Investors whose claims are accepted are entitled to get the difference between the closing price of Santa Fe on Oct. 1, just before the Kuwait offer was announced, and the higher opening price on Oct. 6, when the offer was public. That turns out to be $19 a share, said Schumer. The theory is that the investors are entitled to the same price the insiders got.
If, as expected, the amount of claims exceeds the money available in each category, the payments will be made on a pro-rata basis.
To avoid giving investors a windfall, the SEC requires them to limit their claims to their net losses on Santa Fe stock or options trading during the period when the defendants were in the market, roughly late September until early Oct. 1, 1981. The recovery rules aren't quite simple enough for McGuffey's Reader, but anyone who is clever enough to invest in stock options can understand them, the SEC said.
But the payment to Santa Fe victims is complicated by a dispute over whether the Internal Revenue Service has first call on some of the illegal-trading profits.
Gary L. Martin, now deceased, was a Seattle accountant and tax adviser of a Santa Fe director. The SEC said Martin made more than $1 million in illegal insider-trading profits in 1981 after being tipped off about the forthcoming takeover bid for Santa Fe.
Martin's remaining assets are in the hands of a receiver. However, because Martin never paid federal income tax on his insider-trading profits, the IRS wants its cut. The amount would exceed the amount of money recovered by the receiver, leaving nothing for Martin's victims.
The SEC says that a court might conclude that Martin never had true possession of those Santa Fe profits -- the money legally remained the property of his victims. Thus, if there is any tax due, it would have to be paid by the victims, not Martin. The Justice Department says that doctrine doesn't apply, and a federal judge in Seattle will hear arguments in September.
Other complicated issues might arise in the distribution of Levine's gains.
The plan in the Santa Fe case was simplified somewhat because so much of the inside trading involved stock options. Each option transaction links a seller and a buyer -- the buyer might say, "I want to buy 100 shares of XYZ Corp. at $100 a share," for example, and the seller agrees to sell 100 shares at that price. The buyer pays a price for that option contract, which is a small fraction of the price of the stock itself.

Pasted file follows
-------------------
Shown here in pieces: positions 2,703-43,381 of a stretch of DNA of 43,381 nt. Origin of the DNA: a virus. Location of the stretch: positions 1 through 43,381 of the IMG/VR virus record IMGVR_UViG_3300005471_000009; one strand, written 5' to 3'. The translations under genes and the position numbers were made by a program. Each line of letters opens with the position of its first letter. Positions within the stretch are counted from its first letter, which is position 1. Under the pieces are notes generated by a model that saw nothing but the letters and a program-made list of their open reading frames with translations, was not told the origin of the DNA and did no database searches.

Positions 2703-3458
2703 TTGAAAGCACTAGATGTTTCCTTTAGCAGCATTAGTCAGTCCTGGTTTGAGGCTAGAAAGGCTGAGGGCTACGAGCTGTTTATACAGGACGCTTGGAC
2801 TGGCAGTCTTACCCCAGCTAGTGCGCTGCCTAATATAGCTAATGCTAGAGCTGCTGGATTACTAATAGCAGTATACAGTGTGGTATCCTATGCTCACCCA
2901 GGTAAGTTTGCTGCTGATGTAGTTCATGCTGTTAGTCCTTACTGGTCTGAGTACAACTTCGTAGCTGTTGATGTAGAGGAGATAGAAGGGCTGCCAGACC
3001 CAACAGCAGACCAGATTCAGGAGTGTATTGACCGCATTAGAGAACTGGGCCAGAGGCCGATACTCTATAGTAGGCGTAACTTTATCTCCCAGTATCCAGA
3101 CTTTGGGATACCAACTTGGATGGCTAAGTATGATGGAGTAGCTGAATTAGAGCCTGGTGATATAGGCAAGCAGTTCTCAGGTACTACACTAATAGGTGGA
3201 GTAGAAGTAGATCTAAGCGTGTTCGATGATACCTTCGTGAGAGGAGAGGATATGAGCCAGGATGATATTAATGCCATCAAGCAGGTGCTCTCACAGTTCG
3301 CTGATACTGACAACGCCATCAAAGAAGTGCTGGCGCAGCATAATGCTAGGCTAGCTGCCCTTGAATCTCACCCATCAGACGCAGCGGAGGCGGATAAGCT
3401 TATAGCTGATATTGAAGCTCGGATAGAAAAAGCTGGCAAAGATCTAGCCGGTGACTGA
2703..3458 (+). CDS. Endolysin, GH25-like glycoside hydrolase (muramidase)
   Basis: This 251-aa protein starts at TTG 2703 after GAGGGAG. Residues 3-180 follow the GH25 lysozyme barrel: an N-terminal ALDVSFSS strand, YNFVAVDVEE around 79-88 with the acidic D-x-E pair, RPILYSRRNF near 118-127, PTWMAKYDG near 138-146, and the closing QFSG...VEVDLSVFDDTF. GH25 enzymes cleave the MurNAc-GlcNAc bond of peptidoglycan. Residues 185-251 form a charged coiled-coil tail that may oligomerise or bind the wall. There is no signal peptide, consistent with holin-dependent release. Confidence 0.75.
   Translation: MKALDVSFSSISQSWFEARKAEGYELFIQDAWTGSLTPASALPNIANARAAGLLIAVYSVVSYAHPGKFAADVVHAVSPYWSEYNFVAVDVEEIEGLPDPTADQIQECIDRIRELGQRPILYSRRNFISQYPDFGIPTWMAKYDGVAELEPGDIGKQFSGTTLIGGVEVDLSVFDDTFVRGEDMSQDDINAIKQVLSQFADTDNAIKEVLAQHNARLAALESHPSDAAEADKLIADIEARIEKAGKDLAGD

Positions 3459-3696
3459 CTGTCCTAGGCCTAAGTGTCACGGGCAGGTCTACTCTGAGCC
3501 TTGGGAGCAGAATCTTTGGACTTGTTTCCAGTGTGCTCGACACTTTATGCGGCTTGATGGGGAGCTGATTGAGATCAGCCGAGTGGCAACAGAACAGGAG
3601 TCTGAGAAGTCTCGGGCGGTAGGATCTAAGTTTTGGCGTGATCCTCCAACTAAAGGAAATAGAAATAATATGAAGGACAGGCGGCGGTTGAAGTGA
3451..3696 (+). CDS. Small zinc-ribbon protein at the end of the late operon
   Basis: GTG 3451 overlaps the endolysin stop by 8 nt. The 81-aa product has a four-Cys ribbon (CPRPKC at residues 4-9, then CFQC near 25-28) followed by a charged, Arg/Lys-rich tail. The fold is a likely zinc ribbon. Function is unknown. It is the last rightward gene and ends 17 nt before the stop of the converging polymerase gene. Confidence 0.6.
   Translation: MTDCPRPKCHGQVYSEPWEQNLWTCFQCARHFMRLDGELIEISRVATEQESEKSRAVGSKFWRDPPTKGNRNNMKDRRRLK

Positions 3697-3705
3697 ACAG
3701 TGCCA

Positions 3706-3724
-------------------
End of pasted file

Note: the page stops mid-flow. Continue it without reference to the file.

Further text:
The buyer and seller don't know one another because the trades are handled by professionals on the floor of an options exchange. But the names of buyers and sellers are recorded by their brokerage firms; thus it is possible to pinpoint precisely whom the Santa Fe defendants had taken advantage of.
"It's sometimes harder to identify people on the other side of stock transactions," said Mann. "The stock may trade many thousands of shares a day, and transactions aren't always done in neat bundles." Looking later at trading records, it's much harder to determine who was on the other side of the deals, selling the stock that Levine bought.
In the ANR example, Levine bought 145,500 shares of the company's stock, starting on Feb. 14, 1985, under his code name Mr. Diamond. He paid an average of $49.93 per share, the SEC said.
By then, he knew that Coastal Corp. was soon going to make a public offer for ANR stock because his employer, Drexel Burnham Lambert Inc., was representing Coastal.
On March 1, Coastal announced its bid, offering $60 a share for ANR stock. That news bumped ANR's stock price up sharply and Levine was able to sell his shares by March 4 for an average price of $59.35, or a total profit of $1.3 million, the SEC said.
In theory, investors who were selling ANR between Feb. 14 and the March 1 date of Coastal's announcement might have a claim on Levine's fund, even if Levine wasn't buying their shares directly, said Sturc. But sorting out that puzzle might take as long as the two-year hunt it took to uncover Levine and his secret Bahamian bank accounts.